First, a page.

There is a good chance this ordinary young Russian woman will be middle-aged by the time Putin finally leaves office. Photo by the Russian Reader
“Syria is a shocking, baffling mess. For ordinary Russians, it is a waste of men and money. For a watching world, appalled by scenes of relentless brutality and cruelty in Ghouta, Aleppo, and a thousand other towns and cities, it is Putin’s mess. It’s up to him to fix it.
“Putin faces a presidential election on 18 March. If Russia were a functioning democracy, not a corrupt oligarchy, he could be out on his ear.”
I want to make one tiny correction to Simon Tisdall’s otherwise fine, correct sentiments, as published on February 25 in the Guardian. Syria means absolutely nothing to “ordinary Russians.” To be more precise, there is absolutely no empirical evidence whatsoever it means anything to them at all.
If it does mean anything, however, it may not mean what Mr. Tisdall would want it to mean, as evidenced by the 30,000 people who turned out in Voronezh on February 8 for Russian fighter pilot Roman Filippov’s funeral.
Except for singular voices like Igor Yakovenko’s, which I have linked to, above, Russian society and its famed intelligentsia have been ear-shatteringly silent about the Kremlin’s predations on behalf of the Syrian butcher Bashar Assad since they kicked off in September 2015. Although there were fairly large demonstrations, especially in Moscow, to protest the Kremlin’s criminal adventures in Ukraine, there has not been a single notable mass protest in Russia against the Kremlin’s war against ordinary, absolutely innocent Syrians.
The only protest against the Syrian massacre in Russia I know of was a picket that occurred somewhere in Moscow during the last two years, witnessed by almostno one, and attended by almost no one. A reader of my Facebook news feed told me he had heard about it or perhaps even attended it himself. He wrote about it to me by way of saying there were, in fact, protests in Russia against the Kremlin’s Syrian horrorshow.
Try not to laugh or cry after you have read the previous paragraph.
We should thus conclude that most “ordinary Russians” do not care a whit about ordinary Syrians and their hellish ordeal. Or they have bought hook, line, and sinker the Kremlin’s stinky lie that it has been targeting only “terrorist groups” in Syria. It’s one or the other. There isn’t a third option, as “ordinary Russians” like to say.
You should know, however, that the Kremlin enacts this same stinky lie (about “combating terrorists”) on the home front, yet only a few more “ordinary Russians” get worked up about it.
So, the problem is not just Putin and Syria, although were there ever an international tribunal on war crimes in Syria, he and his immediate Kremlin underlings and Russia’s top generals would be the only Russians legally liable to prosecution. Just as collective punishment is outlawed by international law, there really is no such thing as collective guilt.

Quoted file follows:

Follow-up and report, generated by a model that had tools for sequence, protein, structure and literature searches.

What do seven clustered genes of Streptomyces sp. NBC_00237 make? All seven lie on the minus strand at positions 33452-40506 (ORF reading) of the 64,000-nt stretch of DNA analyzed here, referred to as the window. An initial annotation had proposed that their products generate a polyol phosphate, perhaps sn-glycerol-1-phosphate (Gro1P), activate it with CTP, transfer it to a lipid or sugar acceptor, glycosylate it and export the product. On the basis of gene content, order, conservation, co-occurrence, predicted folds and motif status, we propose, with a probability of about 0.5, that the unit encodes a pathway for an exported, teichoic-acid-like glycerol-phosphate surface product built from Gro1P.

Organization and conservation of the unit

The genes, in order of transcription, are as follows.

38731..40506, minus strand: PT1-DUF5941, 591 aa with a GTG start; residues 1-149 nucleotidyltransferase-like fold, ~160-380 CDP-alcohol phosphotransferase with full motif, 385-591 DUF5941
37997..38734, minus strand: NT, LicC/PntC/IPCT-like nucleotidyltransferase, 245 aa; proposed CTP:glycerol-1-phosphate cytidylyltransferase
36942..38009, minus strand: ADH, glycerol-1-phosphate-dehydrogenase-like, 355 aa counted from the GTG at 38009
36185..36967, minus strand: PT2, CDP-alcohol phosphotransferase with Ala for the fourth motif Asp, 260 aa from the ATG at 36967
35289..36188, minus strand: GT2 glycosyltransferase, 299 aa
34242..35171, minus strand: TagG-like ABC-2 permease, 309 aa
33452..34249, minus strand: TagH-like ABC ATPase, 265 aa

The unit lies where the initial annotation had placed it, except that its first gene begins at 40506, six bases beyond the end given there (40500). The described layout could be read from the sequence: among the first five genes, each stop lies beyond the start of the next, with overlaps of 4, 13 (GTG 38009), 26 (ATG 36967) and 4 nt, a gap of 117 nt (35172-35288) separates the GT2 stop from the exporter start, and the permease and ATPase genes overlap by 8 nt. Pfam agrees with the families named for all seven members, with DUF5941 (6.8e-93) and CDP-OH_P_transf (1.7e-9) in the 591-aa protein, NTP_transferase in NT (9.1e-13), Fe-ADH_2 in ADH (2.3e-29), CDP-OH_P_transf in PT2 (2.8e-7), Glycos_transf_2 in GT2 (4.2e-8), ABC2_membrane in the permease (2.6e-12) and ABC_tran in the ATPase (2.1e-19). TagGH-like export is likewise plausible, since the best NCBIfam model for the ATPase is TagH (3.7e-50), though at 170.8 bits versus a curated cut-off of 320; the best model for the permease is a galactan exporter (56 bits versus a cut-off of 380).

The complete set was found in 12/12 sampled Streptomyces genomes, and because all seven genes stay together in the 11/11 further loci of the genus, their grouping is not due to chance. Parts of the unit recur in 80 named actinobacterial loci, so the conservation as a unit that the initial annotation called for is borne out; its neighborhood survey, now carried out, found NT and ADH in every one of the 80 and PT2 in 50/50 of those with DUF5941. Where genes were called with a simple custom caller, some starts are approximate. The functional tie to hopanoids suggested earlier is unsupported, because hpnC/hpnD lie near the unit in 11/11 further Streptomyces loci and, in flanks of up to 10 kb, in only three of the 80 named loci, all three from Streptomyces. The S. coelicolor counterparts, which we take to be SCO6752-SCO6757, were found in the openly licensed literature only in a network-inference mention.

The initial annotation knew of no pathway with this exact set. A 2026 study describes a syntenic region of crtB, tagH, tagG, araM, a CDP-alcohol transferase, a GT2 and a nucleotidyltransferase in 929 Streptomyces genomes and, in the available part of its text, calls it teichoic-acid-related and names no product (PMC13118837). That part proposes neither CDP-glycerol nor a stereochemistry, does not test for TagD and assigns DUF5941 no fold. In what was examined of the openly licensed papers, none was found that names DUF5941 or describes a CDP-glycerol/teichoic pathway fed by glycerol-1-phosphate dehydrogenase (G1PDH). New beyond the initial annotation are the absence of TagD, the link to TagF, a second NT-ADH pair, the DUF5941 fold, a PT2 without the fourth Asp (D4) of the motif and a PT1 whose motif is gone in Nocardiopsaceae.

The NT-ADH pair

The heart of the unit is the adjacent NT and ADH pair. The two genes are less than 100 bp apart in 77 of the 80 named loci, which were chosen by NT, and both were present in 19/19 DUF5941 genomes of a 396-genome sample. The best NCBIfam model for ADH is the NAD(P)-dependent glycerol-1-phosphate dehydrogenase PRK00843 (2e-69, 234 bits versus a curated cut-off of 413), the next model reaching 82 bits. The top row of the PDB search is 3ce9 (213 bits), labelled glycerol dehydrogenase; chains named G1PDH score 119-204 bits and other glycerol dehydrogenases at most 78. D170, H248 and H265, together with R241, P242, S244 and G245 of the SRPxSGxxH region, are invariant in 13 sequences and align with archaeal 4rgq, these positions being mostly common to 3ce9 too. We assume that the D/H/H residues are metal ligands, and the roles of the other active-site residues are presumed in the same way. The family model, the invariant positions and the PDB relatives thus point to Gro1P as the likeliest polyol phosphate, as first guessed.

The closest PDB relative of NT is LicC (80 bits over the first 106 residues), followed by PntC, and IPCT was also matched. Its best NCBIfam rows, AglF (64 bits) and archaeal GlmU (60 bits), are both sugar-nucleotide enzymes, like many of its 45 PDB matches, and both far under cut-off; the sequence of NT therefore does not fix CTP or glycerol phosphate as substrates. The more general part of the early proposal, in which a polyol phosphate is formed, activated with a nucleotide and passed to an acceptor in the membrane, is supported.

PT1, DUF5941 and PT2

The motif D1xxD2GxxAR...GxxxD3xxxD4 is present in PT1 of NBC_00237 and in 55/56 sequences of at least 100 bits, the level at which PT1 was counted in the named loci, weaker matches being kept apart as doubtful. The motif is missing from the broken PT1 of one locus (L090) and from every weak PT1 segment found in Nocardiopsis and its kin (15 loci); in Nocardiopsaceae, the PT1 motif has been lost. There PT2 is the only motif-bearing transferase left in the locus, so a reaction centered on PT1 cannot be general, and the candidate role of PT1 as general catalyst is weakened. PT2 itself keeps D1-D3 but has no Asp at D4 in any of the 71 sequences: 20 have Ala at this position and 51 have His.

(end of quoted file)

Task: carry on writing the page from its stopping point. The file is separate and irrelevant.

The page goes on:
It is equally true, however, that the vast majority of Russia’s 144 million people have been letting Putin and his satraps do as they please for the last eighteen years without so much as a peep.
You can put this down to state propaganda, the Soviet legacy or whatever you like, but it is a frightening, unmovable fact.
For now, the perennially hopeful would counter me, saying that someday, perhaps soon, things will change.
I would like to count myself among their number, but on March 18 Putin will have himself installed as Russia’s president for life de facto.
Why is this? Because Putin knows that, at this dreadful point in Russia’s history, even if he once again, after his new term as president runs out in 2024, handpicked a successor from his inner circle of loyalists to sub for him as president for six years, so he could reinstall himself as president in 2030, just as he once handpicked Dmitry Medvedev to do the same prestidigation act in 2008, that person probably would have to denounce him and his personality cult sheerly for reasons of political expediency, that is, if the “substitute” president wanted a freer hand in shaping his own administration for good or for ill, much as the Stalinist loyalist Krushchev did after Stalin’s death.
After twenty-four years of Putinism, the country would want the “substitute” president to denounce Putin and all his ways as fiercely as a drunkard wants a drink.
It is just too bad it does not have the will or the means to dismantle the Putinist tyranny now. The consequences of six more years of Putinism for Russia and the world will be dreadful. TRR